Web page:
Content Warning: threats of sexual violence, fanservice, post-apocalyptic imagery, incest joke
What’s it about? Tokio and his friend Mimihime have always lived inside the walls of their compound, where they are well-fed and receive an education. One day, he starts receiving mysterious messages on his device that ask him if he wants to see outside the walls. Simultaneously, a boy named Maru is escorted through a post-apocalyptic landscape populated by monstrous beings and people just as monstrous by a girl named Kiruko, or Sis. Their goal is to make it to a mysterious “Heaven.” Does it exist? Or is it a delusion?
It’s hard to write about Heavenly Delusion right now, because what we got doesn’t feel like a full episode. It ends on an enormous cliffhanger, where we are just starting to peek into the menace of the world. It’s even more challenging because what we did get was largely a beautifully atmospheric mood piece, punctuated by only minor intrusions of gender nonsense. It also didn’t help that Disney bungled literally every aspect of the show’s rollout–using the romanized name rather than the localized name that has been used for years in the official manga release, having a severe delay with the simulcast on Hulu, and then communicating exactly nothing about either of these problems to the fanbase. It’s been a mess.
The best thing about this show by far is the atmosphere. This is in no small part to the design work combined with inspired direction and beautiful animation–the camera angles often place the battered still life directly in the foreground, with you seeing the characters through shattered windows or behind rusted kettles. In one particularly evocative shot, we see through the diaphonous curtains in an open window Kiruko and Maru looking down at something somber. We then are given a glimpse of the hands of two dead bodies, holding each other in love and death.
The music plays no small part in building this atmosphere. Composer Ushio Kensuke has long been a master of apocalyptic malaise. His skills are put to good use here, with a sense of sparseness that communicates both the bleakness and wonder of the world Kiruko and Maru have always lived in. His music works particularly well in all of the post-apocalyptic exploration scenes for this reason.
I would say overall the characters are enjoyable. Kiruko and Maru in particular have a fun dynamic, with Kiruko filling the roll of the “messy gremlin with a dark past” that I so enjoy from anime characters. This enjoyment is marred, unfortunately, by a spoiler that I will get to later in the review. Maru largely serves as a straight man for Kiruko’s nonsense, as well as an audience surrogate who can ask the questions of her that the puzzle box form of the series creates. The main intrigue with Maru is the fact that he looks basically identical to Tokio, so it will be interesting to see what the show does with that.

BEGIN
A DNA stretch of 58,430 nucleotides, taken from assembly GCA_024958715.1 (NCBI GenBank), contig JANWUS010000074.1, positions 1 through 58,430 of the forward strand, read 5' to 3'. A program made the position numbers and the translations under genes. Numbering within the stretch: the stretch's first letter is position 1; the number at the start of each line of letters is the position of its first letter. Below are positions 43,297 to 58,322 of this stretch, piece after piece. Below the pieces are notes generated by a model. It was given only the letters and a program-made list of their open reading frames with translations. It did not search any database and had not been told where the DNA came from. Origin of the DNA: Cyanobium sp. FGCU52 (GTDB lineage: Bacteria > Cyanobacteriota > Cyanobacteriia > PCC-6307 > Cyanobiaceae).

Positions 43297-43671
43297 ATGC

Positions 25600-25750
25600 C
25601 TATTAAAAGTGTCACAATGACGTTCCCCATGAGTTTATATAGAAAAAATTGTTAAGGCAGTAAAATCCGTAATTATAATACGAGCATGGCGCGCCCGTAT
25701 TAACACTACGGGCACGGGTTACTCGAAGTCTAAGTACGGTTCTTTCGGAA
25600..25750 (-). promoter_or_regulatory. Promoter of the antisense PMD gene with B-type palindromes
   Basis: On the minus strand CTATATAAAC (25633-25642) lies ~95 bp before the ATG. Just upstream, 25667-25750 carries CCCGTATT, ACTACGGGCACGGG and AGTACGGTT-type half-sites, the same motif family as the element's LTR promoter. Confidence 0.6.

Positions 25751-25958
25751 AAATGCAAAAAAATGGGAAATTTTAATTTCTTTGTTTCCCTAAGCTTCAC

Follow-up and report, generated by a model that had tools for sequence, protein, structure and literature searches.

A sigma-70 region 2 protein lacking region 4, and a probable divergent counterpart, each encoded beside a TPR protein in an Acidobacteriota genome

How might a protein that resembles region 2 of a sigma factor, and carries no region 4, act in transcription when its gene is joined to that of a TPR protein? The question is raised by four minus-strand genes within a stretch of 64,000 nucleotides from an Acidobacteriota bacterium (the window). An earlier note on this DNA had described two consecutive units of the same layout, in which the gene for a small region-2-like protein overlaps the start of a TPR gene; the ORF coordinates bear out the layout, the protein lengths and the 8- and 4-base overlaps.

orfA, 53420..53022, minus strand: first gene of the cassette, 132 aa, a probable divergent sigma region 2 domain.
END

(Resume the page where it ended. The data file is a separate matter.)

Now, unfortunately, I have to get to some of the nonsense. Some of it I can talk about without spoiling much of the show, so I’ll do that first. At one point, a gang comes across Kiruko and Maru and threatens to rape them, thinking them both girls. The presence of this sexual violence seems realistic in the post-apocalypse, but also goes essentially uncommented on by the show. This, combined with Maru looking in while Kiruko is preparing to urinate as well as some fanservice of Kiruko’s body, makes for some unfortunate gender dynamics at points. It never goes in the direction it threatens to; the rape doesn’t occur, Kiruko doesn’t urinate on screen, but the threat was concerning. There is also one incest joke, but it is very short-lived.
Before I get into the spoiler territory, I think I’ll just leave those of you who don’t want spoilers with this: Heavenly Delusion is quite good, and I recommend it with only small caveats if you like atmospheric puzzle box shows in post-apocalyptic settings.
Spoilers for Heavenly Delusion Manga
So, here’s the spoiler: it turns out if you read the manga that Kiruko is a boy in a girl’s body, done through literal brain transplant. This clarifies a lot of the problematic moments, such as Kiruko insisting that he too is “not a girl” when the gang talks about raping him. It also clarifies the moment where Kiruko is about to kiss himself in the mirror naked, and is admiring his body in a way that seems sexual. Unfortunately, it adds a lot of new problems. It makes it so he himself is the audience surrogate for the fanservice, which is weird! It leads to larger questions of how the show will handle the gender dysphoria inherent to such a storyline. And while it is clear that Kiruko is not a trans woman, because of that fact combined with the fanservice problem noted above the story has the potential to reinforce narratives about trans women regarding “autogynephilia,” or the idea that trans women transitioning are just men living out a sexual fetish. On the flip side, reading Kiruko as transmasc is equally complicated by the fanservice–not all trans people experience dysphoria, but having him regard his body as a fetish object rather than an obstacle or complication to being regarded as a man is….troubling. It is hard to know exactly what to do with it, especially as a trans viewer.
All of this is nowhere near enough to ruin the show for me personally, but I can definitely see some viewers being turned off by it enough to want to drop the show. In general, I think this show is likely in the same territory as Made in Abyss–worth checking out, but definitely will not be the thing for everybody because of these hairy elements.